The Precarity of Black Motherhood

By: Tao Leigh Goffe ,  Boston Review
August 9, 2019

In Jordan Peele’s latest film Us, which follows on the success of his 2017 hit Get Out, an affluent black family has its home invaded by sinister doppelgängers—a sort of literalization of W.E.B. Du Bois’s noion of black “double consciousness.” Perhaps Peele even had in mind Du Bois’s famous sentence: “One ever feels his two-ness,—an American, a Negro; two souls, two thoughts, two unreconciled strivings; two warring ideals in one dark body, whose dogged strength alone keeps it from being torn asunder.”

In Us, the country is under siege by evil body doubles who have emerged from an underground world. Among the doppelgänger “family” invading the protagonists’ home, the only double who can speak is Red, who is identical to the family’s mother, Adelaide (both are played by Lupita Nyong’o). Red describes to Adelaide how Adelaide’s life choices forced Red to do the same in a disjointed mimesis. Red was forced to “breed” with a brute, Abe, the double of Adelaide’s loving husband, Gabe (Winston Duke). When Adelaide gave birth to a beautiful baby girl, Zora (Shahadi Wright Joseph), Red gave birth to the maniacal Umbrae. Adelaide’s son Jason (Evan Alex), born by hospital Cesarean, was mirrored by Red’s Pluto, who had to be cut from her unaided. Now Red wants her own life. Bearing a large pair of golden scissors, she has emerged from the doubles’ underground home not only to cut the cord connecting her to Adelaide, but also to take everything that Adelaide has, including her perfect family. As we eventually come to understand, Red wants revenge because she was, in fact, the original Adelaide, swapped as a child during a visit to a carnival house of mirrors.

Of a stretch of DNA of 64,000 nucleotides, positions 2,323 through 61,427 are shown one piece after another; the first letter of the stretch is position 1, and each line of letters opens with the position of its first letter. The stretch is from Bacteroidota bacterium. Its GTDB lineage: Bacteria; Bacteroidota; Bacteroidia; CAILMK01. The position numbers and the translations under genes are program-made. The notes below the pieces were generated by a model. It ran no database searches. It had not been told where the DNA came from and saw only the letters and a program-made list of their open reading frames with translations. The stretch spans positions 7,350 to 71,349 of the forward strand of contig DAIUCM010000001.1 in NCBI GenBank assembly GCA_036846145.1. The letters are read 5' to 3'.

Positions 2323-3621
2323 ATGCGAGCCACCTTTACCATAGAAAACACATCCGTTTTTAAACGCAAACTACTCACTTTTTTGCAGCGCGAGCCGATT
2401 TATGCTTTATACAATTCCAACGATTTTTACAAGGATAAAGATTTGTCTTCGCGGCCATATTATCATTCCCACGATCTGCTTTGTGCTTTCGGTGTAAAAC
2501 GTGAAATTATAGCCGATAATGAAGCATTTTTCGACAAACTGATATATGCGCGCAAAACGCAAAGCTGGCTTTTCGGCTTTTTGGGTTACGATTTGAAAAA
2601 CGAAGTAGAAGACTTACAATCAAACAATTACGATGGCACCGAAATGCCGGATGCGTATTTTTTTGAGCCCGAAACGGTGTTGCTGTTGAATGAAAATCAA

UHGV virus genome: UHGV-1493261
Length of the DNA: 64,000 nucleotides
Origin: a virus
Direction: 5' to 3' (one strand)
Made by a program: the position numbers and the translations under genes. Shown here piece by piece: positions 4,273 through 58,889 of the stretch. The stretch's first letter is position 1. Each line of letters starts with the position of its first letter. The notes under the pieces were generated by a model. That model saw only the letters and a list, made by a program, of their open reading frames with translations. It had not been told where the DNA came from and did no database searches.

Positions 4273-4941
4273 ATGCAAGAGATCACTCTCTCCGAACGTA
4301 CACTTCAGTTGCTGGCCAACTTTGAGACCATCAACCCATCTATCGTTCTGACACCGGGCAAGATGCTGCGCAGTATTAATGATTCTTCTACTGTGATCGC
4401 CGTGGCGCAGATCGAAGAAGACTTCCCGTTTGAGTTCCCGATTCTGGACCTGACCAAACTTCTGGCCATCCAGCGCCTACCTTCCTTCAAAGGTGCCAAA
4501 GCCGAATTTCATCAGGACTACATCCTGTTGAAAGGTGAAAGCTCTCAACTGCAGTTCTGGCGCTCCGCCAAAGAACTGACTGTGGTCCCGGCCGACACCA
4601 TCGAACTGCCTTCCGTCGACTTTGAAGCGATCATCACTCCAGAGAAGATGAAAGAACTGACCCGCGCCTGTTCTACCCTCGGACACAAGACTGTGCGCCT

Read the entire article in the Boston Review

Professor Tao Leigh Goffe